HIGH COURT OF LESOTHO
Application of :
'MAMOTLOANG NKHABU Applicant
OF THE INTERIOR 1st Respondent
PETLANE MATSELETSELE PETLANE 2nd Respondent
ATTORNEY GENERAL 3rd Respondent
by the Hon. Mr. Justice M.L. Lehohla on the 14th day of December,
December, 1992 Mr. Nthethe appearing on behalf of the 2nd respondent
raised a point of law. Mr. Magutu in response to this
dwelt on the
merits. Faced with the predicament concerning how far to go in reply
thereto Mr. Nthethe took Counsel of prudence
from the Court to
confine himself to the material alluded to in response to the points
he had raised in limine. Mr. Letsie for
the 1st and 3rd respondents
undertook to abide the decision of the Court.
dealing with this matter it is appropriate for the Court to concern
itself only with material, arguments and counter- arguments
to the point of law raised.
observed that at pages 27 and 28 of the 2nd respondent's opposing
affidavit the deponent Chief Petlane said at 4.3 -
"I verily aver that when all these things were happening the
Deponent ('Mamotloang Nkhabu) was present as the wife of the
She was well aware of same. And, I have disclosed all these facts so
that the Court may appreciate just how much of dispute
of fact there
is in this matter, and how much of the material facts the Deponent
has not disclosed. Indeed at the hearing of this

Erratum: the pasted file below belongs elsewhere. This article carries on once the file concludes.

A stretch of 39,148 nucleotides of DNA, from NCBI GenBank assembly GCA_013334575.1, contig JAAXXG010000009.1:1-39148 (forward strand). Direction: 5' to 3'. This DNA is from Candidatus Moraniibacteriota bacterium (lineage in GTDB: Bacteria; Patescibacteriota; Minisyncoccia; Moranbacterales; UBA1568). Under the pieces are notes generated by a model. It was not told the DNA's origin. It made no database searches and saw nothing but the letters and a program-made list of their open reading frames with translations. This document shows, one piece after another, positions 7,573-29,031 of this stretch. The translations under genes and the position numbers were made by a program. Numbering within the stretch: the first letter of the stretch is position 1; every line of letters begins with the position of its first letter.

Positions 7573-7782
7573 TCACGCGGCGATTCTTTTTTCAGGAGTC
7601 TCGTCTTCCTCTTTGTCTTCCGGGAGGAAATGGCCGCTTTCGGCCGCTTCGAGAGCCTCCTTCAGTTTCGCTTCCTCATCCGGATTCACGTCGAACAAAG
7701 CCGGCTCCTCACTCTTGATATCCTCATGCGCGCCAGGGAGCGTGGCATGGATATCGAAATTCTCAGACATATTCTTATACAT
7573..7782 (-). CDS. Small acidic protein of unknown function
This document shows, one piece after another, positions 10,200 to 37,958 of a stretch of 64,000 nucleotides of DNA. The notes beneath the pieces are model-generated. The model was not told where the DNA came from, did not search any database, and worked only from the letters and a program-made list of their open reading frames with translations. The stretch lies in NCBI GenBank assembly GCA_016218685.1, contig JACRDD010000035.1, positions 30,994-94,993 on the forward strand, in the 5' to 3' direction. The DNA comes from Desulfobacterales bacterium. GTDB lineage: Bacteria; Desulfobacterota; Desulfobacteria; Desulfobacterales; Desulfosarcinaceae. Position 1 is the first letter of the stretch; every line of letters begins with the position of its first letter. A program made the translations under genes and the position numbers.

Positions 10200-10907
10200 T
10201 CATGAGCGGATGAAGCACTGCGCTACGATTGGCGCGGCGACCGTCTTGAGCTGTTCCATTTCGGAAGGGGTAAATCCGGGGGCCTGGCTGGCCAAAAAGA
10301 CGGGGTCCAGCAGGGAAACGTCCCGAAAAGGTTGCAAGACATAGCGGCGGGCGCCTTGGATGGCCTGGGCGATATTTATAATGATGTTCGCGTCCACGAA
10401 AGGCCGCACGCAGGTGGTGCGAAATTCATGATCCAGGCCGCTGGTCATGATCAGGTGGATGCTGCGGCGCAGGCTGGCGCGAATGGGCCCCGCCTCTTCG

matter I shall
instruct my attorneys to take a point in limine".
trite that matters brought by way of application proceedings are at
risk if there are material disputes of fact which the
have foreseen. To avoid this risk the proper way to follow is by way
of action unless reasons of urgency make it
imprudent not to proceed
by way of motion.
founding affidavit at page 5 of the paginated record paragraph 3.2
the applicant avers that the boundary constituting the
aspect of this application was established in 1962.
respondent relying on records kept in the Ministry of the Interior
Chieftainship and Rural Affairs made a decision on 6-6-88
that the boundary was established in 1958\59; thus denying the
applicant's averment in the above paragraph.
at page 38 the Minister's opposing affidavit at 3.2 avers
strongly aver that a boundary was made on the 27th June 1959."
response to this positive statement by the Minister which negates the